07 Jun

The Year 4 students have been focusing on Forces as part of the transdisciplinary theme of ‘How the World Works’.

Throughout this unit students inquire into scientific principles and consider the impact of science on the world. Using prior knowledge and new understandings, the unit is designed to get the students to pose questions, hypothesise, fair test, conduct experiments, make observations and evaluate their learning.

Specifically this unit of investigation was designed to get students looking at a range of forces including, momentum, friction, air resistance, magnetism, viscosity, lubrication and gravity. We posed questions for further investigations and conducted experiments, testing what happens when a force is applied to an object. Here is a summary of the activities in which the children participated, including recounts from the students.

Games with force
The students began the unit with an exciting provocation. Teachers set up games in the chapel and outside for students to test and play, including bocce, dominoes and knuckles. Mia and Reese explain the problem solving the students were tasked with:

Last week we played some games. All the games had one thing in common and we had to figure it out. On the bocce box, it said something like, ‘Year 4 Movement and Forces’ and that gave me an idea. I started to think of the games I had already played. I thought, they all do have something in common with movement and forces. With dominoes you have to push it and that’s force. In bocce you roll it on the floor and that’s gravity. They all did a thing with forces. We came back and discussed it at the classroom. A lot of people realised it was to do with forces too.

Mia and Reese

Allan the Toy Man
The students enjoyed a visit from ‘Allan the Toy Man’ who brought in a range of toys, games and gadgets, most of which the students had never seen before.

One of the toys was Knuckles. It has been around for a long time. You have to balance the gems on your knuckles and throw them up and land them on your knuckles. I did it today and it landed on my knuckles. My favourite game was dominoes. Its force was gravity and a finger pushing the dominoes.

Emmerson and Kaelan

Once the toy visit concluded the students took their learnings back to the classroom. Using their prior knowledge of how toys work with their new discoveries, the students learnt how to draw a scientific diagram to illustrate how a toy moves/works due to force.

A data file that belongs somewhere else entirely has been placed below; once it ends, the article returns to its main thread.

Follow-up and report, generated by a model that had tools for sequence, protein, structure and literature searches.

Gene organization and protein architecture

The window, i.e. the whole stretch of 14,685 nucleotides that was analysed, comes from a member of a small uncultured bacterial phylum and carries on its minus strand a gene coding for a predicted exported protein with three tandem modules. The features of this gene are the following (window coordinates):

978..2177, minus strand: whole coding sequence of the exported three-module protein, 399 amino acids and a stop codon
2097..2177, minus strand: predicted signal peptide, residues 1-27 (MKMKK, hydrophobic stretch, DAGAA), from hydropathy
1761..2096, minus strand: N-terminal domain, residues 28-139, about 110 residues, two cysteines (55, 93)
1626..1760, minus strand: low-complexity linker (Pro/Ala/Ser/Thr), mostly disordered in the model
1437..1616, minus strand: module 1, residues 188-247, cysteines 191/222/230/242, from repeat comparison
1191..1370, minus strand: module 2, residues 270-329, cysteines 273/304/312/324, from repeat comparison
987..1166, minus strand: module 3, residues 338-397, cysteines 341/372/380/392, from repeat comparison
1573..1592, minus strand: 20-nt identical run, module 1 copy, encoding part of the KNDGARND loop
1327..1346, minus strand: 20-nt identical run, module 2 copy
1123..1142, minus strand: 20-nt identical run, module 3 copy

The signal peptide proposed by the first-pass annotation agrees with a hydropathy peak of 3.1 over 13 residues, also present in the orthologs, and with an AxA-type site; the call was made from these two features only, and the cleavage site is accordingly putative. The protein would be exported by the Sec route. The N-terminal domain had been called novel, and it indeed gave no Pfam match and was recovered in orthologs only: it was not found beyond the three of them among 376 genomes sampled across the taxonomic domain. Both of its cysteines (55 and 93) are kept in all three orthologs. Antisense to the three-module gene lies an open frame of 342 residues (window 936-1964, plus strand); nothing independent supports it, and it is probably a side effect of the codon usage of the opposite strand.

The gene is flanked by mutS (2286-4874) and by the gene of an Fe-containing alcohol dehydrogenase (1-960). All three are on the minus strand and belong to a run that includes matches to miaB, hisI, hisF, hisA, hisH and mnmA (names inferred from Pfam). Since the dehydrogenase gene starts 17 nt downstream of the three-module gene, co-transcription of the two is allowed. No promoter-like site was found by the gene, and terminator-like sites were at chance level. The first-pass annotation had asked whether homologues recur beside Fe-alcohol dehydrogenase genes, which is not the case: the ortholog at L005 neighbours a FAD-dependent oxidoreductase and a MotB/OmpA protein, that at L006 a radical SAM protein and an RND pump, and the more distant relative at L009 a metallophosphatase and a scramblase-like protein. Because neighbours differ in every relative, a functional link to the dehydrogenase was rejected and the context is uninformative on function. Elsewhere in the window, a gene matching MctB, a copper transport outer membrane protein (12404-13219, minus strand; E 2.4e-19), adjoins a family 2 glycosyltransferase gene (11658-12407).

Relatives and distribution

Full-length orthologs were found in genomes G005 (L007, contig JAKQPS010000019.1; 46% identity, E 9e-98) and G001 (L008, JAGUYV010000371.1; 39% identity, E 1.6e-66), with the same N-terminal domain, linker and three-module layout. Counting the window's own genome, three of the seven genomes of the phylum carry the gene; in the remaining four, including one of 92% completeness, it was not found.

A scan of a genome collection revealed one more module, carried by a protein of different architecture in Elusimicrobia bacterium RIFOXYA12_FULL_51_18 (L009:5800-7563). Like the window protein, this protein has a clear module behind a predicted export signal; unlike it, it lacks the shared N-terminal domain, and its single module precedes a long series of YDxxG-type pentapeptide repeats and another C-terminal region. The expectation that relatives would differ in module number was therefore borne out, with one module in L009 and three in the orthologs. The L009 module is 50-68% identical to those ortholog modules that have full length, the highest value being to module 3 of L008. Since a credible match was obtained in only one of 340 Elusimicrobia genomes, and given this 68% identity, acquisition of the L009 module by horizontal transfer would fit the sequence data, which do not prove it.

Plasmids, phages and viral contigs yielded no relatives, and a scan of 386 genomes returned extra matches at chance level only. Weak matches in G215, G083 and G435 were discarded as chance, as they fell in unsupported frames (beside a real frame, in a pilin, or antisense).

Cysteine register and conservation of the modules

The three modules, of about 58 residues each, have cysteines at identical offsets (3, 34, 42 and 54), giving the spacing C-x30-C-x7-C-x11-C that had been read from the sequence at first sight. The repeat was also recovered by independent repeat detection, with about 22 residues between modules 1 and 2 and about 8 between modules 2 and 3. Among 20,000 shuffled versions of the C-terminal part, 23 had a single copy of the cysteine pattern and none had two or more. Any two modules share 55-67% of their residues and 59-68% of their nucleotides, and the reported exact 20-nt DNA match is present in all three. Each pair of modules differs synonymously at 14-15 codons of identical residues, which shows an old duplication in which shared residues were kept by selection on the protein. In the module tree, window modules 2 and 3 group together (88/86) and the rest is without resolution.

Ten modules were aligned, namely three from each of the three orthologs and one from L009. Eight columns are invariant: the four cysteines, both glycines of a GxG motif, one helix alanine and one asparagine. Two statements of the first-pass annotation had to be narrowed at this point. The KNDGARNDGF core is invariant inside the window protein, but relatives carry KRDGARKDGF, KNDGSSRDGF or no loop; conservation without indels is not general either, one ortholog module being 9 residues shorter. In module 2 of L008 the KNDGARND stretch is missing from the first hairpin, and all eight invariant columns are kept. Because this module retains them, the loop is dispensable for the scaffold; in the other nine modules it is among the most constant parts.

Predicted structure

The excursion to the Beachouse
The students were lucky enough to go on an excursion to the Beachouse at Glenelg. Not only did they get to play games and test out rides, they discovered the science behind what makes the Beachouse so awesome.

Scientist Peter (Beachouse owner) taught them about friction, lubrication and gravity when using the waterslides. Students tested out their hypothesis by sending 3 different sized and weighted balls down the slides to see which would come down first.

I loved going to the Beachouse. Our first activity was the water slides, we chose which ball we thought would come down first. I thought it was the yellow ball. I was wrong, it was the white ball because it had more momentum and less friction. I accidentally said that momentum is about being big and fat – I was supposed to say big and fast!


Further investigations included studying the electrical circuits that allow the dodgem cars to work and observing the chemical changes in sugar to make fairy floss. And yes, we all sampled the goods!

For our second activity we made fairy floss because we were looking at reversible and irreversible changes. We also went to the dodgem cars. If you stepped on a positive and a negative charge without your shoes on you would get electrocuted!


We discovered forces affect the movement of objects
Through these various activities the students discovered the affect force has on the movement of objects. The unit also gave students the opportunity to practise their skills in hypothesizing, planning a fair test and explaining and evaluating investigations.

Thank you to Victoria Warner, Year 4 teacher, for sharing this story.